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Nepal visa and permit info
Nepal visa on arrival
At the airport there are several visa choices:
+ 48 hour visa (plus 24 hours free) for $5
+ 15 days for $25 - get this for Tibet expeditions
+ 30 days for $40
+ 90 days for $100 - get this one for Nepal expeditions
Payment by CASH ONLY in any major currency (change is returned in rupees), and you need one passport photo too. Rules give you one day gratis (free) at the end. These are all now multiple entry visas but it is the days from when the visa was issued that are counted, NOT days in the country.
For Tibet expeditions you simply get another visa when you come back into Nepal from Tibet (have a passport photo and cash saved for this).
We provide all permits for the expedition, including the climbing permit, liaison officer paperwork, national park and conservation area permits. We will need passport photos either prior or on arrival.
Read our separate Nepal treks security page.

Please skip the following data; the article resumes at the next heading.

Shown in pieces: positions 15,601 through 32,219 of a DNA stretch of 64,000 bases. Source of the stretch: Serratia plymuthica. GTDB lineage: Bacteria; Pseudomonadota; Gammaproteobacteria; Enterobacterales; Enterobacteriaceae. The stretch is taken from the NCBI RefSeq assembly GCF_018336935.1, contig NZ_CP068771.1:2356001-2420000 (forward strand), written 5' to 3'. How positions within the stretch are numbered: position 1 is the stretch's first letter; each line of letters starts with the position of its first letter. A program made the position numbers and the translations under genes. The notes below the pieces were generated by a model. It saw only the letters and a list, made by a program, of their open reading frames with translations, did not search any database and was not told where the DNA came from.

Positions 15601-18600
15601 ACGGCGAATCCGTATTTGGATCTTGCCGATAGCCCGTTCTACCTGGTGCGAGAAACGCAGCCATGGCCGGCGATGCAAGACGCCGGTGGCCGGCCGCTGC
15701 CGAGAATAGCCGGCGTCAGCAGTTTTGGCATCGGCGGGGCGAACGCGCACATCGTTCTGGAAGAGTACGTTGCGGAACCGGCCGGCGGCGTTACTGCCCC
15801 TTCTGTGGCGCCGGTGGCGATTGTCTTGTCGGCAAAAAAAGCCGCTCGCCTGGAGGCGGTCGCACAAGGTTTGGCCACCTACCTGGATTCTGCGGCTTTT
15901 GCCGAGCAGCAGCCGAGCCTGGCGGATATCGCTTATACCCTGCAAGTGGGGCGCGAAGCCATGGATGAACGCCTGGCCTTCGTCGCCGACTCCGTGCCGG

Tibet (China) visa and permit info
Tibet is part of China and is a sensitive region hence the regulations are different from mainland China.
Tibet (Chinese) visa info
To visit Tibet from Nepal for mountaineering requires a special visa. We apply on your behalf. The process is quite involved so we need a copy (color scan or digital picture) of your passport details at least 1 month before the start date, also send us your occupation. Note that the visa is issued at the discretion of the authorities, we cannot be responsible for a refused visa.
Once you arrive in Nepal we take your passport to the Chinese Embassy for the visa to be handed over. This is only possible Monday, Wednesday or Friday morning.
Please note that you do NOT need to acquire a Chinese visa from your country. If you do have one, this will be cancelled when we get the group visa.
We take care of all of these for you. These include protected area entry (ie national parks etc) and special permits required in other areas. The peak royalty cost, liaison officer etc is always included, both for BC-ABC services and our professionally lead trips.
Avoid taking photographs of Chinese soldiers and at the border areas. Many gompas either forbid photography inside or charge sometimes large fees for it - ask first. Outside, no problem.
China's policy is to close Tibet to foreigners when there could be trouble. Usually this is with little warning, little is written officially, and they give no idea of when restrictions will end. If there is this sort of event we will come up with a suitable alternative so that you can still take a trekking/expedition holiday.